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C.D. Warner, et al., comp.  The Library of the World’s Best Literature.
An Anthology in Thirty Volumes.  1917.
H. R. Keller.  The Reader’s Digest of Books.
 
Three English Statesmen
Goldwin Smith (1823–1910)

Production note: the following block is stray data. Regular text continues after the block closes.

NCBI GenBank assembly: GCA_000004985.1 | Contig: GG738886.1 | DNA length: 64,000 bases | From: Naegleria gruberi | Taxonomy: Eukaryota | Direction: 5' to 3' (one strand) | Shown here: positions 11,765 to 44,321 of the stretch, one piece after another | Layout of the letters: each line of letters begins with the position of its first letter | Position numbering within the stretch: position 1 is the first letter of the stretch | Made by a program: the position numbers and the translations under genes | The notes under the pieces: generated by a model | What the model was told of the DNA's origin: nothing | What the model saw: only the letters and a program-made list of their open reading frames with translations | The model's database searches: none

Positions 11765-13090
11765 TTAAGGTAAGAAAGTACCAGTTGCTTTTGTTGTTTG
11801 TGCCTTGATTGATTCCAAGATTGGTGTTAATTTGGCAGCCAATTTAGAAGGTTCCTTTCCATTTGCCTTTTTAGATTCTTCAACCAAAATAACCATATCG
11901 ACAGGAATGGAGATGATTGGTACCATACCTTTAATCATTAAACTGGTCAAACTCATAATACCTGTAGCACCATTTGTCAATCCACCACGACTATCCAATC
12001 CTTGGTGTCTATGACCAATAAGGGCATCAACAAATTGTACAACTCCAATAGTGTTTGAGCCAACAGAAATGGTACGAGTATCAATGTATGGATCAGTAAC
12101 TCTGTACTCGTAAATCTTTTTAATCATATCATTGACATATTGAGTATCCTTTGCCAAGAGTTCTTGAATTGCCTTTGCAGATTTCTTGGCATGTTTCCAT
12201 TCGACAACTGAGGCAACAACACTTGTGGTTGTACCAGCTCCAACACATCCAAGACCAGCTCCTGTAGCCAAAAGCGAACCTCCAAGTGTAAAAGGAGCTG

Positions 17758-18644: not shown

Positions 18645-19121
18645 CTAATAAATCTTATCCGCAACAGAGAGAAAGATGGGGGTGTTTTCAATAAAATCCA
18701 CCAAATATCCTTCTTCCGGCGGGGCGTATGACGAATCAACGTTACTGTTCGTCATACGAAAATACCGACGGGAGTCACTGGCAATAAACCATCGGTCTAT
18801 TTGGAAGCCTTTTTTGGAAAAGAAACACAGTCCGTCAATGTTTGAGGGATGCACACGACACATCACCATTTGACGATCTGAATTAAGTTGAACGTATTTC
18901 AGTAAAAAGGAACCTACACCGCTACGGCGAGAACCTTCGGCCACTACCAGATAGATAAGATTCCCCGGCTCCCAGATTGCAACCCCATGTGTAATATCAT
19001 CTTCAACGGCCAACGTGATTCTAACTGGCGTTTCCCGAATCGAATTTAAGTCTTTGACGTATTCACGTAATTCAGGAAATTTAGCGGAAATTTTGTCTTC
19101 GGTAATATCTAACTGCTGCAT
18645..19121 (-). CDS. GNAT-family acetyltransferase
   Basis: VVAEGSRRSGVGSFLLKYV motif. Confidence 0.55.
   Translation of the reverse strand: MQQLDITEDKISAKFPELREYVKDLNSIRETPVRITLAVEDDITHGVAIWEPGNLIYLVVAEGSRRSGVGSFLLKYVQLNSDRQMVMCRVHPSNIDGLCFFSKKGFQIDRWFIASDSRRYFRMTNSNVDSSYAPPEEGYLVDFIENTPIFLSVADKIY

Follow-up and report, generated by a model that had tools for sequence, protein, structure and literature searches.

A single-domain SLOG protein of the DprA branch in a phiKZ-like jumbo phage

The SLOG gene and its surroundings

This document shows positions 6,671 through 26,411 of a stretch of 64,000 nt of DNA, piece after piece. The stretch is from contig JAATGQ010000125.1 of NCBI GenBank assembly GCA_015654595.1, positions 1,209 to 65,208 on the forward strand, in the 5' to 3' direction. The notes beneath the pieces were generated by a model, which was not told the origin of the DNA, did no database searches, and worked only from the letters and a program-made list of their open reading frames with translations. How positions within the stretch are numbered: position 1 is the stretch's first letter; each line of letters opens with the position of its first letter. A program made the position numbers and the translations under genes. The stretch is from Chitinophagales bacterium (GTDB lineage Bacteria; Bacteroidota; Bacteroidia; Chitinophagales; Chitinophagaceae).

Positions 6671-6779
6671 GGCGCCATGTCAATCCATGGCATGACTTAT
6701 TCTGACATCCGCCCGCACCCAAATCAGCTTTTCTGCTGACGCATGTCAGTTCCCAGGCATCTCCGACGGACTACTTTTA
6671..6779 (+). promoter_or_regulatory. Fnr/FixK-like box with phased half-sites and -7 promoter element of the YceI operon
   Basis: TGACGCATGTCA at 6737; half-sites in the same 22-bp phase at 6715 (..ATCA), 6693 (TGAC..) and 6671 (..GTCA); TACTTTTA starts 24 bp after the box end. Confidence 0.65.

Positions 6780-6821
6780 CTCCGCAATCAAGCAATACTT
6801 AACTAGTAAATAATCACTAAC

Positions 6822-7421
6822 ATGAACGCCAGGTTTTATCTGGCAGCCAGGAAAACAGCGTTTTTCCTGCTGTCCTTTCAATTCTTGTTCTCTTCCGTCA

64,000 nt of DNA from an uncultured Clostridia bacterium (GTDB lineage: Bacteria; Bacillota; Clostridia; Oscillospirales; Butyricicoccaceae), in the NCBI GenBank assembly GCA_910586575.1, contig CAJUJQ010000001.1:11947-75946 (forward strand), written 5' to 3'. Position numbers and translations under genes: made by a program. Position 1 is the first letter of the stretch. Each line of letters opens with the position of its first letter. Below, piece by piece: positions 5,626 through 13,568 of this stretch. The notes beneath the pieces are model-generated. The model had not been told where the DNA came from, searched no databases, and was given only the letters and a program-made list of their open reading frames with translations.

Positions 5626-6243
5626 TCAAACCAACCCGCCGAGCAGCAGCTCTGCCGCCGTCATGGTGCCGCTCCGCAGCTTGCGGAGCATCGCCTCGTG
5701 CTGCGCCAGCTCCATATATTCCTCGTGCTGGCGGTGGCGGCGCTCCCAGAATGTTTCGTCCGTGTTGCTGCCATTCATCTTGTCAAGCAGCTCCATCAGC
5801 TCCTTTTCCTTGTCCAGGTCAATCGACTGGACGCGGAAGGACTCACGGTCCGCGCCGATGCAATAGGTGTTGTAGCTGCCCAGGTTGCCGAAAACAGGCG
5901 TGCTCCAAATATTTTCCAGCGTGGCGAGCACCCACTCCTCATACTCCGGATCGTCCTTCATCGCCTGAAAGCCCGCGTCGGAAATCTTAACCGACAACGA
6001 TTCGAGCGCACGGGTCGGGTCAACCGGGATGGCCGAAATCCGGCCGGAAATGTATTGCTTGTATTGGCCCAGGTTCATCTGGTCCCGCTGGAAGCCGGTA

Three English Statesmen, by Goldwin Smith (1867), is a course of lectures delivered during his professorship of history at Oxford University, on Pym, Cromwell, and Pitt. The clear and brilliant style of the book, vigorous and simple, at once enchains the attention and wins from the reader an absorbed interest in the author’s theories of politics and politicians. He has the rare faculty of condensing whole chapters of history into a few words, and of presenting in one vivid picture the complicated state of nations. In his essay on Pym, he is able in a few pages to detail the problems and grievances that had beset the English people, and indeed the Continental nations, ever since the first outbreaks against the absolute power of the Church. He recognizes that the Reformation in England was by no means accomplished when Henry VIII. chose for his own ends to defy the pope; that this upheaval was precisely the old struggle of the people against tyranny whether of the Church or State. When, after eleven years of royal government without a Parliament, Charles I. was forced to call one, Pym became its leader. It was he who brought to book the great Duke of Buckingham, he who dared to impeach Strafford and Laud. The lampooners spoke a true word in jest when they called him “King Pym.” Pym died early in the great fight; and the soldier, Cromwell, came to the front as the leader of republican England. Mr. Smith admires Cromwell as a genius and a high-minded man; yet he deprecates Carlyle’s essay upon him as crass, undiscriminating worship. The soberer writer sees Cromwell’s faults and deplores them. He does not excuse the execution of the King, or the massacres in Ireland; but he holds that Cromwell, to maintain his control over the thousands of reckless fanatics who had made him their leader, was forced to deeds of iron. As Protector, he was one of the strongest and wisest rulers England ever had. The last and longest paper is that on Pitt, the great statesman of the eighteenth century, who was prime minister at twenty-four, and the champion of free trade, a reformed currency, religious toleration, colonial emancipation, abolition of the slave-trade and of slavery. Pitt’s espousal of the cause of the colonies in Parliament especially commends this study of him to American readers.  1
 
 
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